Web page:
They were indeed and I know who the real-life model for the officer is. Not sure he'd want it broadcast, however, so shan't say!
Lieutenant Richard Chute, acting quartermaster, (though he was a line officer not a proper quartermaster), is said to have been one of the two officers in the last eleven. The other is Lieutenant Charles Hinde (31), adjutant of the Bombay Grenadiers. The others were unknown privates or JNCOs of the 66th.
The Colours were carried into action by 2 Lts Walter Olivey (Queen's) and Arthur Honywood (19) (Regimental). Colonel Galbraith was seen kneeling with the Queen's Colour, which I take to mean he was attempting to establish a rallying point. It was next seen in the care of 2Lt Harry Barr (19). Honywood was badly wounded in the legs but kept hold of the Regimental Colour until he was shot dead, crying out 'Men, what shall we do to save this.' The colour was then picked up by Lieutenant Maurice Rayner (23), the adjutant, but he was soon badly wounded and then killed, while Pte Michael Darby (also KIA), the battalion's bass drummer, was trying to assist or defend him. In the meantime Harry Barr and Sergeant Major Cuppage (I think his name might have been Alexander or I might have dreamt it) had both been killed attempting to get the Queen's Colour away. It is not my understanding that either of the Colours were flourished by the last eleven but who can say for sure. The colours are an indispensable part of 'British' last stand iconography (American too for that matter - think of all those Custer portrayals) and I would venture to propose that their inclusion shouldn't bother anybody unduly.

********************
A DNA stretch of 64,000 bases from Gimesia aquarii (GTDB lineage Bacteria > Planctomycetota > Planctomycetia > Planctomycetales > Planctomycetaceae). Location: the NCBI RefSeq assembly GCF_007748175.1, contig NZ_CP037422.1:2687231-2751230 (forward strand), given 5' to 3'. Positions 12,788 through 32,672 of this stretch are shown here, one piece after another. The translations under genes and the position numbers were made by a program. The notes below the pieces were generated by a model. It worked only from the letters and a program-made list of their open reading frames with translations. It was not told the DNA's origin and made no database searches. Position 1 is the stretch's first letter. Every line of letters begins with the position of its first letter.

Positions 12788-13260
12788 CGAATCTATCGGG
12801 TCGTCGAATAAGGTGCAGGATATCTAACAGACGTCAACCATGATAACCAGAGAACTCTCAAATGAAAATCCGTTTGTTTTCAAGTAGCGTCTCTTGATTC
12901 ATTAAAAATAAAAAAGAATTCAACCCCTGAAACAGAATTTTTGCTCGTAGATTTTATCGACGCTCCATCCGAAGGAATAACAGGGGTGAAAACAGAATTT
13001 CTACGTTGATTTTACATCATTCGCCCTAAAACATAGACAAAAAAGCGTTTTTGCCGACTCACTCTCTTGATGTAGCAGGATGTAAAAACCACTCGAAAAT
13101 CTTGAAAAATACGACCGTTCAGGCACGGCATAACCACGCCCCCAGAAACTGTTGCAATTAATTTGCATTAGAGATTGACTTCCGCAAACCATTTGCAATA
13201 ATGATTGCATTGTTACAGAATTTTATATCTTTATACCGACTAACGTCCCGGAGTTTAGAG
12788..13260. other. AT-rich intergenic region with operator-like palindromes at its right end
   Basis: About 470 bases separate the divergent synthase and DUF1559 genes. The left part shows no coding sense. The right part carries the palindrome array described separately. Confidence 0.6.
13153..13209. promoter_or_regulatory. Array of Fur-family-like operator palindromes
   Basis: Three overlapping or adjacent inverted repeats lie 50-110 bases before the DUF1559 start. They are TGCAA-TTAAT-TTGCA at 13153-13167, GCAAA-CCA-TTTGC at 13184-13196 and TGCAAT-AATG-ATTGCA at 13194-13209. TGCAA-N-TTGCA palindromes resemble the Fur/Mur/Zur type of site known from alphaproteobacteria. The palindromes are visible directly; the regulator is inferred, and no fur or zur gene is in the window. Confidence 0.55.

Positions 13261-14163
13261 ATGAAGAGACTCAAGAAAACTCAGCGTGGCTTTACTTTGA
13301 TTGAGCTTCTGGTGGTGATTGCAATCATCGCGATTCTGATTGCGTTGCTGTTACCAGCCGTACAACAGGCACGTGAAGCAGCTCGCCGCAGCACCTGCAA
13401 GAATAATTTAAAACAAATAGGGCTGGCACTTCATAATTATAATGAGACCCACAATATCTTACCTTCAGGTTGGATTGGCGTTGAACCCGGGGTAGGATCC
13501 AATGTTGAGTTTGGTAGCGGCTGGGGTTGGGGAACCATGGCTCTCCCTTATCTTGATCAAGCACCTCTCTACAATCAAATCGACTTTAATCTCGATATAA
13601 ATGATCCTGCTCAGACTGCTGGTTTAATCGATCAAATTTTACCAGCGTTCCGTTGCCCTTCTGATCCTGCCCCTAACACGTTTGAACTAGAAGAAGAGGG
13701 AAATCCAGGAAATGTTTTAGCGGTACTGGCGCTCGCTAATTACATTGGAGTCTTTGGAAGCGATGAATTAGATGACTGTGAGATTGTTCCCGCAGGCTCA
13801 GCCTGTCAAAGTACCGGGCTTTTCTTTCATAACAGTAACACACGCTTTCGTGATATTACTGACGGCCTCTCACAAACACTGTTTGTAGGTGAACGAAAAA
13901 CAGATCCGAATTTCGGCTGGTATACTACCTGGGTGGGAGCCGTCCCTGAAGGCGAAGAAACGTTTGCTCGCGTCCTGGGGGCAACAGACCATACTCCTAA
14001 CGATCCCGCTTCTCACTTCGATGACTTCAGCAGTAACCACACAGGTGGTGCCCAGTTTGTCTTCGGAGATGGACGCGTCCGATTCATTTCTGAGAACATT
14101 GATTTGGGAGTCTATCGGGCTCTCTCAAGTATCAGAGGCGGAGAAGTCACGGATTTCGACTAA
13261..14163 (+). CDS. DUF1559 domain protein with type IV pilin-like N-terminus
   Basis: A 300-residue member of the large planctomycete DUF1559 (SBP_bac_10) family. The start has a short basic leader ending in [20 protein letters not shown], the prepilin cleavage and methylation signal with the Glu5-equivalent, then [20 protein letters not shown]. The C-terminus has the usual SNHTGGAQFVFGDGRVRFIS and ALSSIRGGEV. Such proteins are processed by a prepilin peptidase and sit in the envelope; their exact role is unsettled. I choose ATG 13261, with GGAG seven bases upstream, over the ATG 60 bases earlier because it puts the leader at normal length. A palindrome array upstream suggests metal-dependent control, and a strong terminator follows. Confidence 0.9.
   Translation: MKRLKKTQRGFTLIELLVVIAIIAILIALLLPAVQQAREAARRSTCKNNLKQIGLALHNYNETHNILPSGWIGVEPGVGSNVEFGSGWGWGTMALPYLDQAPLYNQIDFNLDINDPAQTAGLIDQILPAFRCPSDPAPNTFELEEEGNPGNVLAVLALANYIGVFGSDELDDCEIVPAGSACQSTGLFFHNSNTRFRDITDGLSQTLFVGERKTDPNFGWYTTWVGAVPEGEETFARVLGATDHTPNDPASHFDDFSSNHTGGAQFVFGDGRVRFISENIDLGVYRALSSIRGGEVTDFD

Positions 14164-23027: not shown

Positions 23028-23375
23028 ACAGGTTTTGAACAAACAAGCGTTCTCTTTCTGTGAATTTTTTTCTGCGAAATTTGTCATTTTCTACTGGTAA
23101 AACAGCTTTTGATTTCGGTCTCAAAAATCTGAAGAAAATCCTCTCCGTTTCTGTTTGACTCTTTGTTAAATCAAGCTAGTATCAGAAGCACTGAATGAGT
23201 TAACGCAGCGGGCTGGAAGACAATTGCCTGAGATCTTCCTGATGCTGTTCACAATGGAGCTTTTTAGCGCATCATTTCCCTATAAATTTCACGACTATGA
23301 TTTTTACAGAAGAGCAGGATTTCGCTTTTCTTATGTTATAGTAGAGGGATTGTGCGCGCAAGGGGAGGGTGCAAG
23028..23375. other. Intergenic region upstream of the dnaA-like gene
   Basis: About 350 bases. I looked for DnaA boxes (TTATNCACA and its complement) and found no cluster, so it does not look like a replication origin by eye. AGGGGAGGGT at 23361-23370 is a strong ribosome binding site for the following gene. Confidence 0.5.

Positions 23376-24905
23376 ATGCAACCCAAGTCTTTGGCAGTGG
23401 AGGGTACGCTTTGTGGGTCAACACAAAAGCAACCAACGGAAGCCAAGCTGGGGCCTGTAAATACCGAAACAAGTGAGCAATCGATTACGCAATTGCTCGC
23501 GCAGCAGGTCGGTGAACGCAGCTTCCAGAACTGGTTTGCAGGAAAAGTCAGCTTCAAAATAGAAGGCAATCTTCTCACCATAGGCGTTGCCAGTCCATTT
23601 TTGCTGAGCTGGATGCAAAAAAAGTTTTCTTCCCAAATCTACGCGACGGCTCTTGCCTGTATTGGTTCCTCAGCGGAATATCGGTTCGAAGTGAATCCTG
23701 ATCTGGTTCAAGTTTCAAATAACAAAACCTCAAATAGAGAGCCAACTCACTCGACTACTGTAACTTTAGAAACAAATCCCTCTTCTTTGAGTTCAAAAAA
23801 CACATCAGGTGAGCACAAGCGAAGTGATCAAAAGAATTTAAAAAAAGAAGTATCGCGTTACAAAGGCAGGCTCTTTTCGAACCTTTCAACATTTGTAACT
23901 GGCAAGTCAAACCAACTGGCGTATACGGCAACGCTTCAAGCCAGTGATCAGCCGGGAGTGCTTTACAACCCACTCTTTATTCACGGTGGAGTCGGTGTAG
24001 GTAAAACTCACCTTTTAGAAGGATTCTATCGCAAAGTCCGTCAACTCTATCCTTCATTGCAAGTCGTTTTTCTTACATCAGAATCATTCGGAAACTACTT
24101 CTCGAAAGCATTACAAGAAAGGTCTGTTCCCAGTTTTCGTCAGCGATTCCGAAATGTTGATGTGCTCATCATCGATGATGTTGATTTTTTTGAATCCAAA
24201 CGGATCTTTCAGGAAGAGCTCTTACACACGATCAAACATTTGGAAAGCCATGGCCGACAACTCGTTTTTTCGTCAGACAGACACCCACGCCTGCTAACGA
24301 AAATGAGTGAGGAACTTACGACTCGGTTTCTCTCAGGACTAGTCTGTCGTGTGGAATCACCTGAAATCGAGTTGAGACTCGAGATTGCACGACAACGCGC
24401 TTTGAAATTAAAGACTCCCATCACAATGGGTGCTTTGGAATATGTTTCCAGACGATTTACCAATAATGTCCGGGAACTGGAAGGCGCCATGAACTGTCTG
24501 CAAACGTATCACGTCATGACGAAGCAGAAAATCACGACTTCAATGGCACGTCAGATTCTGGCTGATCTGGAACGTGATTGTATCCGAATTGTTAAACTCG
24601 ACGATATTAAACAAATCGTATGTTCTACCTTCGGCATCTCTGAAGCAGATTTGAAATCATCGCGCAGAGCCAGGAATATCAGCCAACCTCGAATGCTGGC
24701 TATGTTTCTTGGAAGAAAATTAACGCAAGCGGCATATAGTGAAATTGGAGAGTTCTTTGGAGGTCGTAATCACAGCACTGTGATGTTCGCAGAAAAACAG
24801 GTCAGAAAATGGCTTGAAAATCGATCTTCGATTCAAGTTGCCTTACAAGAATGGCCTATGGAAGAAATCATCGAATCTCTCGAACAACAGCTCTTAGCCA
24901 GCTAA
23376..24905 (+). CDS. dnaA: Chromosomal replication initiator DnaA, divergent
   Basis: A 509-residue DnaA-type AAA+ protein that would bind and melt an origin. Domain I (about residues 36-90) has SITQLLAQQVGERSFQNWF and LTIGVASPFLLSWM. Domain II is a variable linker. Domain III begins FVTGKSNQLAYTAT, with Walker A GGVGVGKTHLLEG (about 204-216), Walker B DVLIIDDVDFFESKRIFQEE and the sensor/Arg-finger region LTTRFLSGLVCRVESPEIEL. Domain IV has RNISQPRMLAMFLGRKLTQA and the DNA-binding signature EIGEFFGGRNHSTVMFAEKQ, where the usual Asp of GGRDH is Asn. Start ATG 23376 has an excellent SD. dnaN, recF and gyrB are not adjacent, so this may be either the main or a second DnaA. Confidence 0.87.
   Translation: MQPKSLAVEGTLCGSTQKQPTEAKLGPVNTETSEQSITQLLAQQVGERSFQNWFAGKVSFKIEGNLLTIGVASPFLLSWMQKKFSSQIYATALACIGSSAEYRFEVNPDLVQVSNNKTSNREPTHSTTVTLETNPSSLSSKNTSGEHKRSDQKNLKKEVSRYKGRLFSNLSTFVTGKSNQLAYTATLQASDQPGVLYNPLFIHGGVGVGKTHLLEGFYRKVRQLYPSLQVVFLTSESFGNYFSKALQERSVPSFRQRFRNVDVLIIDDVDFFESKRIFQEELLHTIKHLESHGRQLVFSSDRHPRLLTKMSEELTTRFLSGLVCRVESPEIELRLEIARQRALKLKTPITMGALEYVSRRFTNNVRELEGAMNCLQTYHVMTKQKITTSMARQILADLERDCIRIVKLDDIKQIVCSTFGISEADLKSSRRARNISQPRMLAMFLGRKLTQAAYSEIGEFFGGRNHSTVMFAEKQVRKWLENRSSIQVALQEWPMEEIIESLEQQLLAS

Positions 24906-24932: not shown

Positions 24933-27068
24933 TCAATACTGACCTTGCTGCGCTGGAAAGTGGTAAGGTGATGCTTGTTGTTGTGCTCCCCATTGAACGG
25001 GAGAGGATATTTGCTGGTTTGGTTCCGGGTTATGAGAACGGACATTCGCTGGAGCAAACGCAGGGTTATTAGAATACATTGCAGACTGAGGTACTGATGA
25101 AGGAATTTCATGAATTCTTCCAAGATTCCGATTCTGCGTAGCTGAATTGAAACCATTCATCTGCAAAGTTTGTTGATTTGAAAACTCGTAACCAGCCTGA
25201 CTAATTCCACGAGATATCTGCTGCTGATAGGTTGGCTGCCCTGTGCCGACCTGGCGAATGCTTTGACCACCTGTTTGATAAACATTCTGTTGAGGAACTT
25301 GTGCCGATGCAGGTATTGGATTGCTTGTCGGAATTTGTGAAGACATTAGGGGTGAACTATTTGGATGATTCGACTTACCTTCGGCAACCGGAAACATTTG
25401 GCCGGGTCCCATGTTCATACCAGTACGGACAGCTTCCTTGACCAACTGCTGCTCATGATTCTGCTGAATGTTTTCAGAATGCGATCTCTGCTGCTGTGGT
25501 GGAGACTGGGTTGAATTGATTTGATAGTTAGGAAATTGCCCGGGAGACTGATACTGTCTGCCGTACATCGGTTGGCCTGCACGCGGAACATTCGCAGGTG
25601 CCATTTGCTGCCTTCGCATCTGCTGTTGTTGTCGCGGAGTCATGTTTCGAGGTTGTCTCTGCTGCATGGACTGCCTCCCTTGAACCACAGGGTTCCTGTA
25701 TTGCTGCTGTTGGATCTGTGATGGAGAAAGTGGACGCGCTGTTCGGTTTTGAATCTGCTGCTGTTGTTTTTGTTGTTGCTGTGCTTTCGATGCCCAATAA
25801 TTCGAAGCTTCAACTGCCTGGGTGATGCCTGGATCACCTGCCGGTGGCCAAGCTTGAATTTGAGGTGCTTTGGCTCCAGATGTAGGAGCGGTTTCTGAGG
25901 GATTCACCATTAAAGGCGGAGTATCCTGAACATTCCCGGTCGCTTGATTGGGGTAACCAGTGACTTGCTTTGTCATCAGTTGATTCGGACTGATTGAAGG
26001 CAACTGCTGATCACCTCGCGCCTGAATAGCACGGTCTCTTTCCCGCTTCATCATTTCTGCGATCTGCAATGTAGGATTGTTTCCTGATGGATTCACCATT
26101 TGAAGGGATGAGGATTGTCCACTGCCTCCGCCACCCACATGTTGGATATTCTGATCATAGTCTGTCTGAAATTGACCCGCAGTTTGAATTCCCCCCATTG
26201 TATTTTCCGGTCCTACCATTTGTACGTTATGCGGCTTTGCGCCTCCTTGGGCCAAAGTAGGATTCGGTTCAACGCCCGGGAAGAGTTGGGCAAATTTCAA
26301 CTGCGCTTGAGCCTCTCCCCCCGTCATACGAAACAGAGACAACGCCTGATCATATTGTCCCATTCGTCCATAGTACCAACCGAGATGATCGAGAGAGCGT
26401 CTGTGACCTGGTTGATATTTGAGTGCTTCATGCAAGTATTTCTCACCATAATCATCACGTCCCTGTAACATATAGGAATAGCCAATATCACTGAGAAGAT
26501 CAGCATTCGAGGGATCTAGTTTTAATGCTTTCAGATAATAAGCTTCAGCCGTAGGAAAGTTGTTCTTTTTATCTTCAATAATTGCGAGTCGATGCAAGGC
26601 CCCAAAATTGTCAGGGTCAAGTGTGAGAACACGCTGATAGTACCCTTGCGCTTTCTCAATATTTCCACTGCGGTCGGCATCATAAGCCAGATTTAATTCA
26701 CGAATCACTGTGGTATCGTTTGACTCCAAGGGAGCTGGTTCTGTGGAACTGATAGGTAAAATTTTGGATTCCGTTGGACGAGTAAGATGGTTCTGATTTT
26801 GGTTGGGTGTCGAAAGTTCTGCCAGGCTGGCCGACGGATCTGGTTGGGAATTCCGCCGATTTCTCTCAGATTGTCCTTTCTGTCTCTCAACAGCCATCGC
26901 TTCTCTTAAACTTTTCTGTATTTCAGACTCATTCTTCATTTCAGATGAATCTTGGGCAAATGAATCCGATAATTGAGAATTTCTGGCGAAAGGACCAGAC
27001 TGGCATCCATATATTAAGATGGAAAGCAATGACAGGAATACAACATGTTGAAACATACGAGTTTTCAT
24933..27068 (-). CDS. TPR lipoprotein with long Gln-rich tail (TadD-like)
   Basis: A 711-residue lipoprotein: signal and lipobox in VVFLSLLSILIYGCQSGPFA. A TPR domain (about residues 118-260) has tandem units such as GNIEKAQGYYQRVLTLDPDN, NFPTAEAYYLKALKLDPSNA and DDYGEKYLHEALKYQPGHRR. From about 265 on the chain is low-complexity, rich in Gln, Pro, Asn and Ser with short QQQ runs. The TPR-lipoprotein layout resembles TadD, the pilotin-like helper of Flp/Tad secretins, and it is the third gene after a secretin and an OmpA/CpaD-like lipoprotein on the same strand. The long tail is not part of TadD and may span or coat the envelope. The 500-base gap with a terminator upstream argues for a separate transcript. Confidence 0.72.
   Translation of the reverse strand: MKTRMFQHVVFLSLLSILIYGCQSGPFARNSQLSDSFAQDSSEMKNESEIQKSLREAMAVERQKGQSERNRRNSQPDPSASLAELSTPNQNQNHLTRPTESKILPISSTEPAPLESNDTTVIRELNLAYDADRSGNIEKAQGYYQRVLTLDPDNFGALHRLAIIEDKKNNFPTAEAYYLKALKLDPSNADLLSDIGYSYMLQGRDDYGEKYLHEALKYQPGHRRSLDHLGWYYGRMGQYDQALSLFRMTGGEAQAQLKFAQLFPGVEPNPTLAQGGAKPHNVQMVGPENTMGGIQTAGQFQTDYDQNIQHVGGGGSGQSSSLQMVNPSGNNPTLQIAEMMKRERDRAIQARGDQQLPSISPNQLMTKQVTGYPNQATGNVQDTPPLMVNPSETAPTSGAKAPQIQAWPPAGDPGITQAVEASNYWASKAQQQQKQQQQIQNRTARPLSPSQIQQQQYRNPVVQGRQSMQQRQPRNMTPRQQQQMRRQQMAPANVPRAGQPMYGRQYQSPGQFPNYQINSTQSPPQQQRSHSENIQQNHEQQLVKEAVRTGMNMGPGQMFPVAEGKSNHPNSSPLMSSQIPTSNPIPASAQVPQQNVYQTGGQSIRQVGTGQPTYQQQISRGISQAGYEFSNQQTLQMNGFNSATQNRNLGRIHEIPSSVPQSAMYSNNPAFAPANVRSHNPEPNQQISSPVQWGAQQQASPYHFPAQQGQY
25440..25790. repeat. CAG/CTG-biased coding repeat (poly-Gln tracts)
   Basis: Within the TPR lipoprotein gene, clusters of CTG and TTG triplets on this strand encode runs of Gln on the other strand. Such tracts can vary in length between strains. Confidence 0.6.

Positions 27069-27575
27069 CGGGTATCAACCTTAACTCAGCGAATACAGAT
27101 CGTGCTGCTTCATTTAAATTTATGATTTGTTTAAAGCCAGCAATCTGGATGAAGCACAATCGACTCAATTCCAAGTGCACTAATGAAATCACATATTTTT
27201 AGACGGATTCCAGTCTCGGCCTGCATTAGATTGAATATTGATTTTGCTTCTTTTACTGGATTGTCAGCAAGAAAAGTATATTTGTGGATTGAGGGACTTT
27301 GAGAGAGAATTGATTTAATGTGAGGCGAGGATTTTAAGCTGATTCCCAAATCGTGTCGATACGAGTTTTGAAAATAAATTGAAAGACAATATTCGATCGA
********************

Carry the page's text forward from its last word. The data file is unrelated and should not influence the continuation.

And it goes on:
There's a 25,000 word chapter on Maiwand for them what's interested in my Into the Jaws of Death. The other good recourse for further reading is Col Leigh Maxwell's My God Maiwand but you'd have to pay a bit more for that and might struggle to get hold of it.
Last edited by mike snook
on 17 Jul 2013 23:28, edited 2 times in total.
Dr Mike Snook MBE psc